Leah Remini says she couldn't stay silent when she saw the Church of Scientology going after former members, so she teamed up with A&E for a miniseries the actress says will shed more light on the church's dark side.
Now Remini says Scientology has her in its crosshairs, and she's suing her former church for $1.5 million in damages, saying the organization has worked to discredit, intimidate and silence her. Lawyers for Remini and Scientology have been locked in a legal battle and a New York magazine article, citing legal documents obtained by a Scientology insider, reports that the church tried pressuring A&E executives to stop the show from airing.
"My story pales in comparison to what happened to other people, how people are bullied into silence," she said. "We don't have $3 billion to protect ourselves, so what I have is I'm an actress, and I'm able to speak, and I'm able to give a voice to people who might not have an 'Ellen' to go on."
Scientology hasn't been subtle about taking public digs at Remini, calling the former "King of Queens" actress a has-been who is “as famous for being an ex-Scientologist as she is as an actress.”
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“She needs to move on with her life instead of pathetically exploiting her former religion, her former friends and other celebrities for money and attention to appear relevant again," the Church of Scientology wrote in a statement.
The war of words between the actress and Scientology has been escalating since Remini left the church in 2013. Two years later, Remini released a book, "Troublemaker: Surviving Hollywood and Scientology," that detailed her time in the L. Ron Hubbard-founded religious organization.
Scientology has long been accused of pressuring recalcitrant members with threats, pitting family members against each other, and smearing former members to the press. Among the most high-profile defectors are director Paul Haggis, who left in 2009, and Jenna Miscavige Hill, the niece of Scientology leader David Miscavige. Jenna wrote a book in 2013 describing her experiences growing up as a member of the church.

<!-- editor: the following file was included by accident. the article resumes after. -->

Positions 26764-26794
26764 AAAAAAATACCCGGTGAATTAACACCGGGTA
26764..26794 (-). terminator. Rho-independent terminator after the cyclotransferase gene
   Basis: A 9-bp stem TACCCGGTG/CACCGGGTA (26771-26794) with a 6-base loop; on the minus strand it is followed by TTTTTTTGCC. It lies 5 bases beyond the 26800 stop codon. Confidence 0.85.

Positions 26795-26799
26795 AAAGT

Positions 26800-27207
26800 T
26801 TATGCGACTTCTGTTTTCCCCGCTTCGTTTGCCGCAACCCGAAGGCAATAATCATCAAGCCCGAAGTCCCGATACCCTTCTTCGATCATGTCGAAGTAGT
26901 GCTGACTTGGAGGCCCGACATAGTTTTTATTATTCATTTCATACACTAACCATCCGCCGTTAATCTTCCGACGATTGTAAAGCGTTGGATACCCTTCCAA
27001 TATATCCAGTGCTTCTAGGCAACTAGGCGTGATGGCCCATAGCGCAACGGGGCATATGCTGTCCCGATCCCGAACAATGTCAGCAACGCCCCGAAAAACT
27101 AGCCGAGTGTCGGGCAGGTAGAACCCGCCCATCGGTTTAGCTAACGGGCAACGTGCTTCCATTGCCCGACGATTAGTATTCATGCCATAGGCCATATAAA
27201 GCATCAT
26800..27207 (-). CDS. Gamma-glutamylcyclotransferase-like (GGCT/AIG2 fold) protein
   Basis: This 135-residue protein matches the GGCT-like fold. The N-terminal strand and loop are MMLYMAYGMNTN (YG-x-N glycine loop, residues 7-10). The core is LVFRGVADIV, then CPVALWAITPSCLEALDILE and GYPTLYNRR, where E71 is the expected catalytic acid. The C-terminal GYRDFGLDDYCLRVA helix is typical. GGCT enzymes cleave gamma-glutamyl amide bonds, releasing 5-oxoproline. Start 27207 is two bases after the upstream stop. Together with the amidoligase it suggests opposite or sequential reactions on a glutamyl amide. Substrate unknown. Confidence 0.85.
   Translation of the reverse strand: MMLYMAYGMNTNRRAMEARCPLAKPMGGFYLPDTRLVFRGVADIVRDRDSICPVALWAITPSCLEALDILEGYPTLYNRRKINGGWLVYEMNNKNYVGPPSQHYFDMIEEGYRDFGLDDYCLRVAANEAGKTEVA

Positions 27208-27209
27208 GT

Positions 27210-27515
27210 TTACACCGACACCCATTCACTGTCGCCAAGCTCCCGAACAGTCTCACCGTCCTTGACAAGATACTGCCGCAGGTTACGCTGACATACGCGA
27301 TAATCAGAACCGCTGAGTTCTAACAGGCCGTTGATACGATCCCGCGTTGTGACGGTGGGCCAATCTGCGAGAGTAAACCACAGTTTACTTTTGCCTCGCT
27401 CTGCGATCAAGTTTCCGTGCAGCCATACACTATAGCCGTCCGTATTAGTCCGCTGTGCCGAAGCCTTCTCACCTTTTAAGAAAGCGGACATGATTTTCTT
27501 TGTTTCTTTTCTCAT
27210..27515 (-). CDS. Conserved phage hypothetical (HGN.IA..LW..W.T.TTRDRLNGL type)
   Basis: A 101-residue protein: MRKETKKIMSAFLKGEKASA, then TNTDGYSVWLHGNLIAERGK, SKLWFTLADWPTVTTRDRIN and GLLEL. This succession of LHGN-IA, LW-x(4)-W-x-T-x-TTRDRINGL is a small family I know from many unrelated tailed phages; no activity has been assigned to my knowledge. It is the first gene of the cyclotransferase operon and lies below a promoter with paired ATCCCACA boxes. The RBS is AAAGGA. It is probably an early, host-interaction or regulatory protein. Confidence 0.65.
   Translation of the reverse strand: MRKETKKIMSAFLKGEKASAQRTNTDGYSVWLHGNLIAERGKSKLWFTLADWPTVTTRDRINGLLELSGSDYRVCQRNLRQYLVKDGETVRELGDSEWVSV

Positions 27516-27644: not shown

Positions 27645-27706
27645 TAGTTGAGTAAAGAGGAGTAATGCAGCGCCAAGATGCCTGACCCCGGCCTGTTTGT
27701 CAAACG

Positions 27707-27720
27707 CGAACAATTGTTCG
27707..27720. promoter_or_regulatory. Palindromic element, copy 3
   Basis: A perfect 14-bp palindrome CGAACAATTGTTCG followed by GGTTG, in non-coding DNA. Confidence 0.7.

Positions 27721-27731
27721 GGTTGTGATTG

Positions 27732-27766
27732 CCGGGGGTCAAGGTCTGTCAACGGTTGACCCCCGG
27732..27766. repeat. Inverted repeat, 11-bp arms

TonyOrtega.org reports that the Comedy Central series "South Park" also famously mocked Scientology with a 2005 episode focusing on how Hubbard, a science fiction writer, invented a mythos for Scientology involving aliens and a galactic tyrant named Xenu. Scientology holds that Xenu is responsible for depression and other ills suffered by human beings.
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Remini told The Hollywood Reporter that she was appalled at the way the church allegedly treated former rank-and-file members who didn't have the benefits of celebrity or a large, supportive network.
Remini explains her reasoning for speaking out, as seen on E! News:
I was watching high executives, former executives of the church leaving and speaking out about abuses and things that they've experienced while working for the church, and I saw how the church reacted. I felt I had a responsibility to say, 'I'm not going to allow you to bully these people who were very brave to come out and tell their stories.' And that's for executives, but there are just average parishioners like me who leave and speak out about what they've experienced, and they lose their family. And so the church goes after their family to shun their family, oftentimes. I'm very lucky that that didn't happen to me. My family chose me.